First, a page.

Here are the numbers: France’ public debt has reached €2,299.8 billion, the equivalent of 99% of its GDP. This debt is composed mainly of State debt (€1,828.4 billion) and social security (€211.9 billion), local regions (€199.4 billion) and central administration organisms (CNR, CEA, the Louvre museum, Météo France etc.: €60.1 billion).
Public debt keeps growing year after year since deficits – State ones being the largest – persist. But we’re stunned that the State budget keeps shrinking! For what reason? Because of zero rates, of course. Indeed, when a loan comes to maturity, the Agence France Tresor issues a loan of the same amount, but with much lower interest rates. The former loan, dating back many years, had been contracted at higher interest rates. Replacing it with a lower rate loan thus constitutes an excellent financial operation for the State!
Thus, as explained by IFRAP, basing its findings on a note from Banque de France, the charge of public debt (payment of interest), as stated in the State budget, has kept decreasing between 2011 and 2017, going from €55 billion to €42 billion. This is what has mainly contributed to the global effort of deficit reduction under François Hollande. Emmanuel Macron shall benefit from the same boost, since the charge of the debt will decrease yet of another €10 billion to reach €32 billion in 2021. But afterwards, the effect will stop because all the stock will then have been renewed at low rates.
Its’ like magic! Deficits persist, debt is increasing, but the weight of the debt in the budget is shrinking! That shouldn’t prompt governments to uphold the bar... One can easily predict they will let the situation rot until 2022, when the next presidential election takes place. Afterwards, we’ll see...
So we shouldn’t have to worry about the debt until 2022? Well, hold your horses now!
First of all, let’s not limit ourselves to the debt stricto sensu. The IFRAP article reminds us that the Cour des comptes has calculated that the off-balance sheet (implicit) of the State represents, as of December 2017, nearly €4,165 billion, of which €2,429 billion are liabilities for State workers’ pension plans. There lies a charge that will weigh heavily on the public accounts in the years to come with its inertia. It would be best to take care of this problem now.
And then, this little known fact: if the State has borrowed at a fixed rate, it also had the stupid idea of issuing loans based on inflation, for around 10% of the total. However, according to the Cour des comptes, an increase in inflation of 1/10 represents an immediate additional charge of €200 million. 1% inflation is €2 billion, and if prices skid following a crisis in the euro area to, say 10%, it would make it to €20 billion in one shot (being added to the remaining 90%). At this level, France runs the risk of not being able to borrow on the markets and find itself in bankruptcy (I had denounced tbat loan in April 2018).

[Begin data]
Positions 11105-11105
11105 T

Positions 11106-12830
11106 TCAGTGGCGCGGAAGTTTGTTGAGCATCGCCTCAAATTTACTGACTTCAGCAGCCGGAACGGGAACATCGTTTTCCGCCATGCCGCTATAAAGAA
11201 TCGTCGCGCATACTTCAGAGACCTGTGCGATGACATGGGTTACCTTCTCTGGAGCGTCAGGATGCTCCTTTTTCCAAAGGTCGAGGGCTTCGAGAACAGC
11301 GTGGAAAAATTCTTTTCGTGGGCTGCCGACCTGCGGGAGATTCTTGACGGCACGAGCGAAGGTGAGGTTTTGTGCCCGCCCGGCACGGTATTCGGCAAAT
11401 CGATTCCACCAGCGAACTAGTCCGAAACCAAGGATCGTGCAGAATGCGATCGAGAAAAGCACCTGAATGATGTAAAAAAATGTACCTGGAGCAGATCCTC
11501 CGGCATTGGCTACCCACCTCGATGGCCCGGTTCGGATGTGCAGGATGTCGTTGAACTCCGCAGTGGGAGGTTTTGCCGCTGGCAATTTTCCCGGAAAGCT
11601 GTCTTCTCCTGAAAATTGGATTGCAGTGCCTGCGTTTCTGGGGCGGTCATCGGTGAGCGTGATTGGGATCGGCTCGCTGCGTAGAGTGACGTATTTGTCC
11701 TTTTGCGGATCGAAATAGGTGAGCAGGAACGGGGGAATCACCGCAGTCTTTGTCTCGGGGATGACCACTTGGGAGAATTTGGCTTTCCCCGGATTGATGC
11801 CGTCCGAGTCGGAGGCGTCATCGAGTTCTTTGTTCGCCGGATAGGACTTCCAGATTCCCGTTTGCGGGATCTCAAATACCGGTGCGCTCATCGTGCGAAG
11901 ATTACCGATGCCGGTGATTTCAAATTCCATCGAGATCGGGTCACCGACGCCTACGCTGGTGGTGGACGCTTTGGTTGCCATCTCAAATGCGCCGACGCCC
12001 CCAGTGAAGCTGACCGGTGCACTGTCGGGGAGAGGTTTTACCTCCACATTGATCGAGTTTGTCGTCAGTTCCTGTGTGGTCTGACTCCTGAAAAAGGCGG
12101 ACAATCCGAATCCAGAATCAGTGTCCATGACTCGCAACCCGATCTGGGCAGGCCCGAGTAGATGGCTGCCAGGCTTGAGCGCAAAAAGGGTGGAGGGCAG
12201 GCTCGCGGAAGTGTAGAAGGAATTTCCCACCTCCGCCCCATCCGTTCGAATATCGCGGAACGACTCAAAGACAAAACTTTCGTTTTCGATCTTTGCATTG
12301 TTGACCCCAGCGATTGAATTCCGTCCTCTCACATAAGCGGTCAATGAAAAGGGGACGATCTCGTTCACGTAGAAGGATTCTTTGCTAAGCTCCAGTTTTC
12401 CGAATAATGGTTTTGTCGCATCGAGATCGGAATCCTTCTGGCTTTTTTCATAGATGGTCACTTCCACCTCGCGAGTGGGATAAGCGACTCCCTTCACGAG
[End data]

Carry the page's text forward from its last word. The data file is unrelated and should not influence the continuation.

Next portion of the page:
And, one day, interest rates will have to rise again... perhaps before the end of this year, if Mario Draghi’s successor at the ECB decides to implement them. One can easily see what this situation will entail by looking at the situation in the United States, ahead of us, since they already started to raise their rates : between the last quarters of 2010-2018, the charge of interest rates on the federal debt has gone from €404 billion to €565 billion, an increase of 40%! Washington has the luxury of using its world reserve currency status to start its printing press, but France could hardly support such a jump. No, really, it’s a grave error to remain unfazed by the public debt...
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Philippe Herlin Finance Researcher / Doctor in Economics
Philippe Herlin is a researcher in finance and a doctor in economics of the Conservatoire National des Arts et Métiers in Paris. A proponent of extreme-risk thinkers like Benoît Mandelbrot and Nassim Taleb, and of the Austrian School of Economics, he will be bringing his own views on the actual crisis, the Eurozone, the public debts and the banking system. Having written a book on gold that has become a reference (L’or, un placement d’avenir, Eyrolles 2012), he wishes to see gold play a growing role in our economies, all the way to its full re-monetization.